They just aren't having any luck over at RIM at the moment, are they? The BlackBerry manufacturers have just released a statement that their next big smartphone hope, the BlackBerry 10 OS and related handsets now wont ship until early…
Towards the start of last year, Google experimented with different ways to view search results in its “Experimental” section. They were evidently happy enough with one of them – Timeline – that it’s now appearing in some queries in the main results. Timeline allows you to browse results by when they were posted, or when they ocurred.
The picture above is for a search for “book of revelations”, though that search no longer displays the timeline. Perhaps Google is still tweaking it a little. I hope it stays, I rather like it, but it does beg the question – what’s next? Search by smell?
(via Search Engine Land)
Hot from giving up on Lively, Google’s now invented another thing we’re not sure we’ll ever need or use – SearchWiki.
It’s designed to let browsers customise their Google search results, so if you’re currently logged into your Gmail/Google account you’ll be able to organise findings as you wish. Which means shuffling about entries and moving lower results higher up the rankings, helping you use Google like more of an extension of your fat and lazy old brain than ever before…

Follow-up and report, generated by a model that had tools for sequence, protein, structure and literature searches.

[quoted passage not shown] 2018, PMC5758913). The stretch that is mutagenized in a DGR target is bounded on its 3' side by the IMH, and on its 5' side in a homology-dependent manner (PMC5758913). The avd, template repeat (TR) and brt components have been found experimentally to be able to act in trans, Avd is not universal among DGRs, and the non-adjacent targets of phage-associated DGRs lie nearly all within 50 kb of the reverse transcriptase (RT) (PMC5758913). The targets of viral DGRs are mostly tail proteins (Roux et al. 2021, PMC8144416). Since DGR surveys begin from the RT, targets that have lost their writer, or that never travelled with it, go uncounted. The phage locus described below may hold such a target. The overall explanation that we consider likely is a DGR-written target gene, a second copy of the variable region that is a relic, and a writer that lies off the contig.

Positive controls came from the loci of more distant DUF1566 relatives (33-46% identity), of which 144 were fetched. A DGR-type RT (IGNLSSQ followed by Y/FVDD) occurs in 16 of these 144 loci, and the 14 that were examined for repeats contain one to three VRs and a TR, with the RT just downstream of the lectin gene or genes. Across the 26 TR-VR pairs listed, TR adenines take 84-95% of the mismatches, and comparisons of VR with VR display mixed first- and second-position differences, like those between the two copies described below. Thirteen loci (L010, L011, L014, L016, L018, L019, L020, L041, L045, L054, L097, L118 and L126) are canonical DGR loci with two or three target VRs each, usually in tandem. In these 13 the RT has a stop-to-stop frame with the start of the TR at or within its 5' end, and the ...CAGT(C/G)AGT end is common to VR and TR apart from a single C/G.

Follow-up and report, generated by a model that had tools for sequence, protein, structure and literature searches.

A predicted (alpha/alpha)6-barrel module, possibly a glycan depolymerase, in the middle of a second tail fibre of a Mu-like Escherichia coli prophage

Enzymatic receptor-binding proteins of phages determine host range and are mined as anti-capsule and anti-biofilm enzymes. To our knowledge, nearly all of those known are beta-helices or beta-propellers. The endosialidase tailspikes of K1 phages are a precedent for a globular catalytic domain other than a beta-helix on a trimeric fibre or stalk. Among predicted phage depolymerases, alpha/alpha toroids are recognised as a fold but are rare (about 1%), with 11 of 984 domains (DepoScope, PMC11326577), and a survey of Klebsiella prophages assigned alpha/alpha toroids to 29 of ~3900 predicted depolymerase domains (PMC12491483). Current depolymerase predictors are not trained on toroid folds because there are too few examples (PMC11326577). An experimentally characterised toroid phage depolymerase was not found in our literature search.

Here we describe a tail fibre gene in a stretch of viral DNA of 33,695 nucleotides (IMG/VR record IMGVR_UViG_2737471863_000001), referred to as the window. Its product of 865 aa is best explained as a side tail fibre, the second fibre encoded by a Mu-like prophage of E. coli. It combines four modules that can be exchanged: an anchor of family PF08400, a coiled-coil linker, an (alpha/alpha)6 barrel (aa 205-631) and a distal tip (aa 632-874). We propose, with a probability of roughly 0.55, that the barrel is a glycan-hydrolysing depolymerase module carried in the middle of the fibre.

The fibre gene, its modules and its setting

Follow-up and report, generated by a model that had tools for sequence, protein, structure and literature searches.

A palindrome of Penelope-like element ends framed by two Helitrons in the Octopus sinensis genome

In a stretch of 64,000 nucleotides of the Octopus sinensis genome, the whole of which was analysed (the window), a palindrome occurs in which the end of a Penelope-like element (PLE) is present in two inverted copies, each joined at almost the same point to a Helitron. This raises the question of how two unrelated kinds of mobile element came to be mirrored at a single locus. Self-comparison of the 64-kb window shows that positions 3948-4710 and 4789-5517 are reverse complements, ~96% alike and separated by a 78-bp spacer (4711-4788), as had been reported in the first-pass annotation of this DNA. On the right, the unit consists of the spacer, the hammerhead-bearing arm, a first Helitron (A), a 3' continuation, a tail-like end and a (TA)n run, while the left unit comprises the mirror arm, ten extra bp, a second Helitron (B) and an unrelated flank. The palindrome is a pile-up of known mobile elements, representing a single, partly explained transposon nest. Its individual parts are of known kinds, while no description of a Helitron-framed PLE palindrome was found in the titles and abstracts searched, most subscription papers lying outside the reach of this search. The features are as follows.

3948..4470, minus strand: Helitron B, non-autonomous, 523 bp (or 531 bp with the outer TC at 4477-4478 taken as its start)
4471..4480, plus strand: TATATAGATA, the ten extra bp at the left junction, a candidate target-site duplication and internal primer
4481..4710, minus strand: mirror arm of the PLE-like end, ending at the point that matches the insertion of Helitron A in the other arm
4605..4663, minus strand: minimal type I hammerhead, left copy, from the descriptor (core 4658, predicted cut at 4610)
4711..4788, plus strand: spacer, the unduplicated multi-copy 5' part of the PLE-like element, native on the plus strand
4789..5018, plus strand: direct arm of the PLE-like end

New research from consumer group uSwitch.com has shown that 6.2 million broadband customers wrongly believe they have an unlimited broadband service. They don’t understand, or simply haven’t read, the fair usage policy that every provider except Sky applies to its “unlimited” packages…
Google has announced a trio of new views for search results, currently in an experimental stage. They provide some useful alternatives to the bog standard “ten results per page” text links many Google users are most familiar with.
Combining Google Search with Google Maps unsurprisingly gives rise to the Map view, which will plot the key locations contained within a batch of search results on a map.
Great for a school project — a slapdash one at least — is the Timeline view, though this potentially needs to be taken as carefully as one would, or should, treat Wikipedia. It lists search results as usual, but plots a timeline graph along the top of the page, showing when things happened (according to the search results). Looks good for an overview of a person, a historical event, or a concept, which can lead to further study.
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